Shaken, not stirred: béarnaise sauce

Nothing beats good home cooking, they say – but there are some things that are just more effort to make than they are worth. Mayonnaise or choux pastry, for example. Or béarnaise sauce.

A good béarnaise sauce is the perfect complement to a filet or entrecôte steak.

The recipe has been around for centuries. It relies on reduced vinegar, egg yolks, clarified butter and herbs. That may sound simple enough, but it remains a challenge for even the best chefs.

Shallots and vinegar have to be reduced just so, the egg yolks have to be warm and the butter has to be clarified and added almost drop by drop. Traditionally, the recipe uses tarragon and chervil – and the latter isn’t always easy to come across.

There are some tricks you can use to make the process a bit simpler. For example, you can whisk the eggs in a bain-marie, rather than adding them to the reduced vinegar. This will prevent them from curdling. You can also take your chances with straightforward melted butter, rather than clarifying it.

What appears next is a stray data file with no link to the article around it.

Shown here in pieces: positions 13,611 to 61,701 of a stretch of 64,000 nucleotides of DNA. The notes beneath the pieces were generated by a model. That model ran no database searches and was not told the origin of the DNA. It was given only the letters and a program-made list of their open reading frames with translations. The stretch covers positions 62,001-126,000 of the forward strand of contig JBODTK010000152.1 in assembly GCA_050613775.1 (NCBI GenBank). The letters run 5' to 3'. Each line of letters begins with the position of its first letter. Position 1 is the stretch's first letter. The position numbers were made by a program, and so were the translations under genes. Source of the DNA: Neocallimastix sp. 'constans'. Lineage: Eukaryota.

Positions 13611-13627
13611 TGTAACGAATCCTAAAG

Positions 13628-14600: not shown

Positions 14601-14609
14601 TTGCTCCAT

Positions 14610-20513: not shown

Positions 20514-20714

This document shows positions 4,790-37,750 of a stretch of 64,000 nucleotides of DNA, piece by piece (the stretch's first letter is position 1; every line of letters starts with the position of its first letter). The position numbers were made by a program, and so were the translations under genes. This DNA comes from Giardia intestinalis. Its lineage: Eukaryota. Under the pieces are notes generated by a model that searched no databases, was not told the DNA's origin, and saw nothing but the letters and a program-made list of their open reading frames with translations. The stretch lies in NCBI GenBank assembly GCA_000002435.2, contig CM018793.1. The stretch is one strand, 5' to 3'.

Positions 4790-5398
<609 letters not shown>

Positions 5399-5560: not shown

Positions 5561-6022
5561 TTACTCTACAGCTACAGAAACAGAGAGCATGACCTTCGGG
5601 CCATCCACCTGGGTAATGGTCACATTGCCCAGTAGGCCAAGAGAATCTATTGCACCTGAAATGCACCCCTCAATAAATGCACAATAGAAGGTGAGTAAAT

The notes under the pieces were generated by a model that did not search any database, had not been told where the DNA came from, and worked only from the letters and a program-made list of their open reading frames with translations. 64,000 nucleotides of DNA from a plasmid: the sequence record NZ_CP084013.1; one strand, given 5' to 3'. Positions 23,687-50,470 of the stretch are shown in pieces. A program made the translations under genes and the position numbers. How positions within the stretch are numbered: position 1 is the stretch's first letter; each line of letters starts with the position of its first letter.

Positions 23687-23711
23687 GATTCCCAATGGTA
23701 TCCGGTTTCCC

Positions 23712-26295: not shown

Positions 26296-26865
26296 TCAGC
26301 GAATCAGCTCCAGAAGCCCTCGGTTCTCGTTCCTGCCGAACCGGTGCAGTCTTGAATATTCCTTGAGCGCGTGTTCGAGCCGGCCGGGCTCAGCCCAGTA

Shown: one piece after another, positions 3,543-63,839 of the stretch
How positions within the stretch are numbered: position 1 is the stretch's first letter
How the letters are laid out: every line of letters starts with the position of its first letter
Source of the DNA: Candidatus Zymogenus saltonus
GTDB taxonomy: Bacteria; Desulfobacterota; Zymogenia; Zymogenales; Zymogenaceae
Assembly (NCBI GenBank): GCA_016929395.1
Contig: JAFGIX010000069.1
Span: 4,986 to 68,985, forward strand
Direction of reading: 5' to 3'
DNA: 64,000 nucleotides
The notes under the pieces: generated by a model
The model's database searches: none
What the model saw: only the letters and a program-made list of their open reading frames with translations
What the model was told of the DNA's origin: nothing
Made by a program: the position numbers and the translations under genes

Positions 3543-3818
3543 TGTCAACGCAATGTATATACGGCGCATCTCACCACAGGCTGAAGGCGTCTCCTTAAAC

I have an even better trick: I use shop-bought béarnaise sauce. I love cooking at home, but I have to admit that I think life’s too short to bother making my own.

Mind you, that’s not to say that I don’t enjoy a good béarnaise when I go to a restaurant. I love the taste – and the knowledge that somebody has gone to some lengths to make it for me.

This entry was published on Friday, 18 July 2014 at 07:46. It’s filed under Food and wine and tagged . Bookmark the permalink. Follow any comments here with the RSS feed for this post.

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